West Philadelphia abortion doctor Kermit Gosnell routinely delivered live babies in the third trimester of pregnancy, then murdered them by "sticking scissors into the back of the baby's neck and cutting the spinal cord," according to the Philadelphia District Attorney.
One newborn who weighed almost six pounds was so big "the doctor joked . . . this baby 'could walk me to the bus stop.'"
Those are among the jaw-dropping details - complete with photographs - in a 260-page Grand Jury report released Wednesday that charges Gosnell, 69, with the murder of a patient and seven live infants.
The report culminates a massive, year-long investigation of Gosnell and his Lancaster Avene clinic, which was shut down after a raid last February.
But the report is sure to be just the beginning of finger-pointing and soul-searching as city and state health officials, legislators, and those on both sides of the bitter abortion debate seek to understand how the clinic operated for 32 years, apparently with little oversight.
"The inaction of public agencies is exposed," DA Seth Williams said Wednesday at a press conference.
In addition to Gosnell, his wife, Pearl, and eight employees - none of whom had medical credentials - were arrested Wednesday morning. Four of the workers are also facing murder charges.
Williams said the prosecution is not about the morality of abortion.
"I am aware that abortion is a hot-button topic," he said. "But as district attorney, my job is to carry out the law. A doctor who knowingly and systematically mistreats female patients, to the point that one of them dies in his so-called care, commits murder under the law."
Philadelphia lawyer William Brennan, who represented Gosnell before Wednesday's arrest, said he hadn't read the report, and hasn't been formally retained as Gosnell's attorney.
"I would say simply that it's important to remember that Dr. Gosnell is presumed to be innocent," Brennan said.
The investigation began last February, after federal and state drug agents and Philadelphia police raided the clinic at 3801 Lancaster Ave. on suspicion that Gosnell was illegally dispensing narcotic painkillers. (The federal drug-trafficking investigation is ongoing.)
What they found, according to the report, was "filthy, deplorable, and disgusting": Blood on the floor. The stench of urine. Cat feces on the stairs. Semi-conscious women moaning in the waiting or revovery rooms, covered with blood-stained blankets. Broken equipment. Blocked or locked exits.
The investigators also learned that, in November 2009, an abortion patient had died.
Gosnell is now charged with 3rd degree murder of that woman, Karnamaya Mongar, 41, who had travelled from Woodbridge, Va., for an abortion. A native of the nation of Bhutan who had arrived in the U.S. only five months earlier, Mongar was 19 weeks of pregnancy. She developed a fatal heart arrythmia after being overdosed with anesthetics by an unlicensed caregiver, the report says.
The grand jury also alleges that Gosnell and his staff delayed in calling 911, attempted to deceive paramedics when they arrived - and then took couldn't find the key for the emergency exit lock, which responders finally cut open.
That February raid was the beginning, Williams said, of ever more shocking discoveries that revealed Gosnell had been flouting Pennsylvania's abortion law - and other laws - for many years.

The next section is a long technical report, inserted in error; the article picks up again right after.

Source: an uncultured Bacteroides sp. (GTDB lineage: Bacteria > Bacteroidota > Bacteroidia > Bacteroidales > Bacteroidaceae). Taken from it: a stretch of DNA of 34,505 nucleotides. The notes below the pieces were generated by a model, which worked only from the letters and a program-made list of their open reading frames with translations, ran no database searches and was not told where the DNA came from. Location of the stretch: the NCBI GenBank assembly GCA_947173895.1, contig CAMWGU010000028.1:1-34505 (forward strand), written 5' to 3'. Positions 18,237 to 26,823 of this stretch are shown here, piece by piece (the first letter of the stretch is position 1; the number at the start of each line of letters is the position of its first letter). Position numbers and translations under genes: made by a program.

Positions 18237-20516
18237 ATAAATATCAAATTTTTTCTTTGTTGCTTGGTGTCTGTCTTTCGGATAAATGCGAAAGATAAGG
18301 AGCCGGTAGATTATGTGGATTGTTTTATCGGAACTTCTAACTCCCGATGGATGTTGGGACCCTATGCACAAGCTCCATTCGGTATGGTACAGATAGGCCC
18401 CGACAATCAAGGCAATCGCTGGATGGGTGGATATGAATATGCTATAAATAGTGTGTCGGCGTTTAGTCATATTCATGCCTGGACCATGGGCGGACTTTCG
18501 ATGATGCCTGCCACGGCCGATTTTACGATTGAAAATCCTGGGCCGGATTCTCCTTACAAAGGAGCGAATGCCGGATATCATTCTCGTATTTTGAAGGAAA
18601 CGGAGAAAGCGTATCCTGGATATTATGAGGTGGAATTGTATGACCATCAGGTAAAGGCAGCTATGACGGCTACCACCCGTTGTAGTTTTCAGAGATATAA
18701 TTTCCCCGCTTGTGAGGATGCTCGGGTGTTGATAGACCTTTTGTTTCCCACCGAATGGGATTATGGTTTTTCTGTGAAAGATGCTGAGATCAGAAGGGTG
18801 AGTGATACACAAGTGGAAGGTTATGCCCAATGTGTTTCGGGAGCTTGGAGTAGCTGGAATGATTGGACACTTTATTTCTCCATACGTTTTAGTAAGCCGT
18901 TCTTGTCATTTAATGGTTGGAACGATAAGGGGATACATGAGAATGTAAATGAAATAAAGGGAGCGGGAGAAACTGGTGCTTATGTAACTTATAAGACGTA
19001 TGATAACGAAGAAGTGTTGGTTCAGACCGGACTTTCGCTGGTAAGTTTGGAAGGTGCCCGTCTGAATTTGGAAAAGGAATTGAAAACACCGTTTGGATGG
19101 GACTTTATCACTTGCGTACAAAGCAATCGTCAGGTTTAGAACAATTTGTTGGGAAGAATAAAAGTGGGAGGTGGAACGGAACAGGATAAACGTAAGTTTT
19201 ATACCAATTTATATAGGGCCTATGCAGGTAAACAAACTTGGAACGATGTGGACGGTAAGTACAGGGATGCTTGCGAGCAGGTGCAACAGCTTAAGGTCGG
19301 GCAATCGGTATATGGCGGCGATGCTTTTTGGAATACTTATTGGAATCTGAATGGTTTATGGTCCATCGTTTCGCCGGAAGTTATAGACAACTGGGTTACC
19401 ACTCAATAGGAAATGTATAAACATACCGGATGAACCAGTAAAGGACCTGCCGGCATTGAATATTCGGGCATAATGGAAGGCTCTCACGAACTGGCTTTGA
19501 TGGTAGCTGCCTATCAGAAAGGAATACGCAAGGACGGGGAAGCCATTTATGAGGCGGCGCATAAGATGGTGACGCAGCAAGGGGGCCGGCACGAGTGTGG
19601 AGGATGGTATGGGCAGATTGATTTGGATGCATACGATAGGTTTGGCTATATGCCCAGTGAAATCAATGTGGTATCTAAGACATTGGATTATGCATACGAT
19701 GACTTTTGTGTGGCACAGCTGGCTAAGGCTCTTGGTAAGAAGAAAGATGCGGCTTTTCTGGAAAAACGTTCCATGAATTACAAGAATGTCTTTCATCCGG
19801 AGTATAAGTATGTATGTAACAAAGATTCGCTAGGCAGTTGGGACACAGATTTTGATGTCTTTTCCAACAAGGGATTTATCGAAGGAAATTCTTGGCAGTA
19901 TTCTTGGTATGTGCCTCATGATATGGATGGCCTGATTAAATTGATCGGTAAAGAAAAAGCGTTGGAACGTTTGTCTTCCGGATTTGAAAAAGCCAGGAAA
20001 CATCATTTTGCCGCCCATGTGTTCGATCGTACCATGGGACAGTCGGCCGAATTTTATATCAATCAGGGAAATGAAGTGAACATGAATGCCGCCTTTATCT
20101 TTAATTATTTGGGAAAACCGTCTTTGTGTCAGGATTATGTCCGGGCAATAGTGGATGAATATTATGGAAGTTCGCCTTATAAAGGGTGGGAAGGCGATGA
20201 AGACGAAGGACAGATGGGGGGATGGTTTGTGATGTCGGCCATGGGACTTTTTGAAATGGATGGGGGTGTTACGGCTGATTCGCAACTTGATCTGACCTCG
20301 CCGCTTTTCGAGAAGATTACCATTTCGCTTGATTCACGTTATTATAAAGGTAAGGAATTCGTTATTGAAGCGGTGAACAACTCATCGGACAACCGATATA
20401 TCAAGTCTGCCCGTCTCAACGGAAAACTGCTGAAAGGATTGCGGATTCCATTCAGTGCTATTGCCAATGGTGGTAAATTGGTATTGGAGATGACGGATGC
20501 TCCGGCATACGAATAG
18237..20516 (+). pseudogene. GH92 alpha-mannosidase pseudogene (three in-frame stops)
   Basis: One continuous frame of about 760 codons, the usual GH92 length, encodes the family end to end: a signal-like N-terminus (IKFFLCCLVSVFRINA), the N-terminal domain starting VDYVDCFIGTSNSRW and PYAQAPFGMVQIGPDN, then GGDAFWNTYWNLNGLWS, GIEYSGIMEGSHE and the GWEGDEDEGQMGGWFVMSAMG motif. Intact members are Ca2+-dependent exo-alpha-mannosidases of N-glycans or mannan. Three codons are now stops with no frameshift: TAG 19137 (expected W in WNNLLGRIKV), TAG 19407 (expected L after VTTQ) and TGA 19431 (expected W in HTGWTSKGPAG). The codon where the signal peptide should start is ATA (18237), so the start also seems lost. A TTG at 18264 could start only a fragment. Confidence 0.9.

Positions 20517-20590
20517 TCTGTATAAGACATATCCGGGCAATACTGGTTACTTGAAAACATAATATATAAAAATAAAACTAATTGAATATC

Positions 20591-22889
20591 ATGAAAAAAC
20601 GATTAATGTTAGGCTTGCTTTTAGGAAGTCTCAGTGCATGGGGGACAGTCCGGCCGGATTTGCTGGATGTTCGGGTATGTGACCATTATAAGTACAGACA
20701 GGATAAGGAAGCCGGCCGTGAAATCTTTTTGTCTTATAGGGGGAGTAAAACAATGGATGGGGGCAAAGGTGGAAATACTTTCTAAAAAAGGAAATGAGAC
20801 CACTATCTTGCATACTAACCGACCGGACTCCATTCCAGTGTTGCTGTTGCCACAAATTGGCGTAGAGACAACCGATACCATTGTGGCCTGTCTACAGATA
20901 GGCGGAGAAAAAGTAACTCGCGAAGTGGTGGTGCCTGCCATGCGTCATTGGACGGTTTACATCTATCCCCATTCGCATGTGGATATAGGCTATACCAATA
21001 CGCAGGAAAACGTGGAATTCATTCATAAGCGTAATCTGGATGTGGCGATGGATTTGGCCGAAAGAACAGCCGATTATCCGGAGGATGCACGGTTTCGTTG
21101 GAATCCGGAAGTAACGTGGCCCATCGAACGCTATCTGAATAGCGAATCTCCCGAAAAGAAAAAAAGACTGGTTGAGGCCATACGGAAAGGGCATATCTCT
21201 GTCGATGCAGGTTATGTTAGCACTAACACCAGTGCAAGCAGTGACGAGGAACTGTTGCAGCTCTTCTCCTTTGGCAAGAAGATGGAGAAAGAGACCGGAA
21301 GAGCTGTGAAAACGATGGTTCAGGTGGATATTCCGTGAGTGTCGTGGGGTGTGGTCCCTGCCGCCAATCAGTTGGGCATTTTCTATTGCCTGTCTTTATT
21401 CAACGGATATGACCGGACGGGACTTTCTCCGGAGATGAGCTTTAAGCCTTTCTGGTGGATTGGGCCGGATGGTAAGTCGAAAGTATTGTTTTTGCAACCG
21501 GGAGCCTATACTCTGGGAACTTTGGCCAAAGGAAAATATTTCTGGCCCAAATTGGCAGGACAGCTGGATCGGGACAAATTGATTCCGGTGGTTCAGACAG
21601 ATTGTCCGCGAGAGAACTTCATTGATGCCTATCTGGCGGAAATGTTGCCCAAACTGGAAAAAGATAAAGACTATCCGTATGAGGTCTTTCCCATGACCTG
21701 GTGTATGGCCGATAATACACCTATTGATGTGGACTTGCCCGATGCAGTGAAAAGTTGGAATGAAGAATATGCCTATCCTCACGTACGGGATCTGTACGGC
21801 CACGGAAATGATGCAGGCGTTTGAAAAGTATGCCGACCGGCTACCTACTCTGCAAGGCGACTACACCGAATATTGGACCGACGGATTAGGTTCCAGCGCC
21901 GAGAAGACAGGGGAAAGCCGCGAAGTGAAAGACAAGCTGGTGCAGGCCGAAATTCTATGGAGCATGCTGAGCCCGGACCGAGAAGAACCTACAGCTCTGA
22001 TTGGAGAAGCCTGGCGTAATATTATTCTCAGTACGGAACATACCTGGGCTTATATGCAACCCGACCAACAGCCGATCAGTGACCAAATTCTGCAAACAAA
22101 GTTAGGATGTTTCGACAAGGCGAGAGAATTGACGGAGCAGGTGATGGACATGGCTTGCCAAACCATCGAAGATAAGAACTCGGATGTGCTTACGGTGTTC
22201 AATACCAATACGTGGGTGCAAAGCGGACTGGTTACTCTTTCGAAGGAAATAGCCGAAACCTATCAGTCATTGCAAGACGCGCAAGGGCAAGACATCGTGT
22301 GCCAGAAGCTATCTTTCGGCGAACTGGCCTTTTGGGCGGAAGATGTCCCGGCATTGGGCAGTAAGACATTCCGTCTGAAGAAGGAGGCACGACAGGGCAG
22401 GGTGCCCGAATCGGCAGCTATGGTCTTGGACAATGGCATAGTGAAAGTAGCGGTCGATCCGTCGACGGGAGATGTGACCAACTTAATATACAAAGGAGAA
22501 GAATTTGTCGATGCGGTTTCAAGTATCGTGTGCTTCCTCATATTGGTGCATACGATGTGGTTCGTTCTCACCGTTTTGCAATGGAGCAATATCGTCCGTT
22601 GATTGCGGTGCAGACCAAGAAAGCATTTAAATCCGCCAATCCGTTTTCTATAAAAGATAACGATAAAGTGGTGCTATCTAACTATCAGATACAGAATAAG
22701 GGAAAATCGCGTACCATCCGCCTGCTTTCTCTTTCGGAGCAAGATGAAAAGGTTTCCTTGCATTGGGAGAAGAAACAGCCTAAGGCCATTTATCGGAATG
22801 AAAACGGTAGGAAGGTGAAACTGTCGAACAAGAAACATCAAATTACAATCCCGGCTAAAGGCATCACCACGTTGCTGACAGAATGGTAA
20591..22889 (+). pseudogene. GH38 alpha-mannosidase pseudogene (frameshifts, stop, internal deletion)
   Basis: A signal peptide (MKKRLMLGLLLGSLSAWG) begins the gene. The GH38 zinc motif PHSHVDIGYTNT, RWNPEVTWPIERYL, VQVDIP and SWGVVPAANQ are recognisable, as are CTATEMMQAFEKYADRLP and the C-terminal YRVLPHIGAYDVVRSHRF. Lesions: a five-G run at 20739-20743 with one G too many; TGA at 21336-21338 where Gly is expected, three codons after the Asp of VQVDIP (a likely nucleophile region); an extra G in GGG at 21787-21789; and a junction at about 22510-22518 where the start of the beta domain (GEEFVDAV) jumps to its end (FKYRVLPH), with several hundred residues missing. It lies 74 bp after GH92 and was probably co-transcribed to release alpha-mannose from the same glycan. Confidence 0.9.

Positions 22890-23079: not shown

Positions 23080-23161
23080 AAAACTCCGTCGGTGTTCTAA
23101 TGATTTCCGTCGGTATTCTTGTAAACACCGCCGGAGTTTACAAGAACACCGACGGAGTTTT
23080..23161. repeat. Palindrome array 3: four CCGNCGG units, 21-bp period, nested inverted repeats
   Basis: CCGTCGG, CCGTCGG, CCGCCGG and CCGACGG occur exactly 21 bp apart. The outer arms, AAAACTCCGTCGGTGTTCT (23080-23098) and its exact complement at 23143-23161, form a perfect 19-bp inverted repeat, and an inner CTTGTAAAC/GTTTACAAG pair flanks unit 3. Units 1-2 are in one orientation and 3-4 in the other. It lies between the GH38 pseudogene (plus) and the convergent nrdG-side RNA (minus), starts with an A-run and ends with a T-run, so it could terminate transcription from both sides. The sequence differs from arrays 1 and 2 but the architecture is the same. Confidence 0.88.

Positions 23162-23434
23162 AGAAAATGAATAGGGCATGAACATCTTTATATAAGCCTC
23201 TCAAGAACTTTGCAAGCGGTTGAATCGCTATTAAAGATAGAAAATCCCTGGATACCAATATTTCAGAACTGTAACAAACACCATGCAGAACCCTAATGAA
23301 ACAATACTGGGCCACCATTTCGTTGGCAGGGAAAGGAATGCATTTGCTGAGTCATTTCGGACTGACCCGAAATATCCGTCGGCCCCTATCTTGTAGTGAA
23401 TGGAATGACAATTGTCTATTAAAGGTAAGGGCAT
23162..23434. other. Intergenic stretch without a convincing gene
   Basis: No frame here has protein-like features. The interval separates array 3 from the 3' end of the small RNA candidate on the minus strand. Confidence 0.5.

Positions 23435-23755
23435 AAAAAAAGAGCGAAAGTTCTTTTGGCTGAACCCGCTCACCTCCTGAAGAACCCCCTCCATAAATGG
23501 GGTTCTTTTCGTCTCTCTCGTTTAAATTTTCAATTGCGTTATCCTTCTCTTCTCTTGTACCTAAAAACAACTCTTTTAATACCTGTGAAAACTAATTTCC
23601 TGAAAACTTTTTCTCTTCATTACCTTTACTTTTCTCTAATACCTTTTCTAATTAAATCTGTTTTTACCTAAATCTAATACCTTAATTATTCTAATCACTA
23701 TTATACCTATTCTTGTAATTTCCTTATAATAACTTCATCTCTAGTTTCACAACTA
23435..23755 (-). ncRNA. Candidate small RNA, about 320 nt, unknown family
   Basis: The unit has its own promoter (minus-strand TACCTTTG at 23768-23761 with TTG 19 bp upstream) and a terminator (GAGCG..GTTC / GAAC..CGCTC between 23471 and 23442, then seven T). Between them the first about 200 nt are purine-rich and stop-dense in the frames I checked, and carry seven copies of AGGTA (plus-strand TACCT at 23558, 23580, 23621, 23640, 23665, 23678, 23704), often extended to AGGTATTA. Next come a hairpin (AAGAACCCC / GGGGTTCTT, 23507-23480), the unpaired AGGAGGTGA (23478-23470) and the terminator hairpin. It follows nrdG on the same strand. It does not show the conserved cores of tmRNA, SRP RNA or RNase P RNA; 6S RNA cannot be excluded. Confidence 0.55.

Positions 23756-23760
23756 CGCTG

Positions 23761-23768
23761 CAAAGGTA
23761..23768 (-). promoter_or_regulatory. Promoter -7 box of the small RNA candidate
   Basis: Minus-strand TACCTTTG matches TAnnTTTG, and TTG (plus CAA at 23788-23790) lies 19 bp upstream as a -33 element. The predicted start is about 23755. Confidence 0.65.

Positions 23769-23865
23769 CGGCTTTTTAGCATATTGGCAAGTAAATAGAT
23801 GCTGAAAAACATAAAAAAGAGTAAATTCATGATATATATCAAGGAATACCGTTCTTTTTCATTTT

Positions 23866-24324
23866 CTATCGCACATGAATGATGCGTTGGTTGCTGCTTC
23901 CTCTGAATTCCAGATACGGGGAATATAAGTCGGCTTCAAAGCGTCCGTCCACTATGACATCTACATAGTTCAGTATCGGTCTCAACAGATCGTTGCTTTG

Gosnell, who graduated from Jefferson Medical College in 1966, received Pennsylvania Department of Health approval to do abortions at his clinic in 1979, after an on-site inspection.
Even before then, in 1972, he made headlines for using an experimental abortion-inducing device on 15 women, nine of whom developed serious complications.
From the start, he was well-known for being willing do abortions beyond 12 weeks - the limit set by most clinics - and for treating poor and minority women.
Pennsylvania, which has one of the nation's most restrictive abortion laws, requires that the woman be counselled about the risks and wait 24 hours before the procedure.
The state also requires that fetal tissue from abortions after 20 weeks be sent to a pathologist for review.
Abortions after 24 weeks - when the fetus can usually survive outside the womb - are outlawed unless the doctor determines, and reports to authorities, that the abortion "is necessary to preserve maternal life or health."
If the chosen abortion method might enable a live birth, the law says a second physician must be "in the same room" and provide medical care to the newborn.
Gosnell not only flouted these requirements, he falsified ultrasound and state reports to cover his post-24 week abortions.
"Gosnell's approach, whenever possible, was to force full labor and delivery of premature infants on ill-informed women," the report says. "When you perform late-term 'abortions' by inducing labor, you get babies. Live, breathing, squirming babies. . . . Gosnell had a simple solution: he killed them. . . . by sticking scissors into the back of the baby's neck and cutting the spinal cord."
Williams said the grand jury heard testimony that Gosnell performed what he called "snippings" hundreds of times, but most cannot be prosecuted because the evidence is gone.
Still, investigators found fetal bodies and body parts in garbage bags, plastic bozes and bottles at the clinic.
One of the seven cases of infanticide that have been documented is "Baby boy A" - the one about whom Gosnell made the bus stop joke, according to report.
"His 17-year-old mother was almost 30 weeks pregnant - seven and a half months - when labor was induced," the report says.
Contact staff writer Marie McCullough at 215-854-2720 or firstname.lastname@example.org. Follow the Inquirer at www.Twitter.com/PhillyInquirer and www.Facebook.com/PhillyInquirer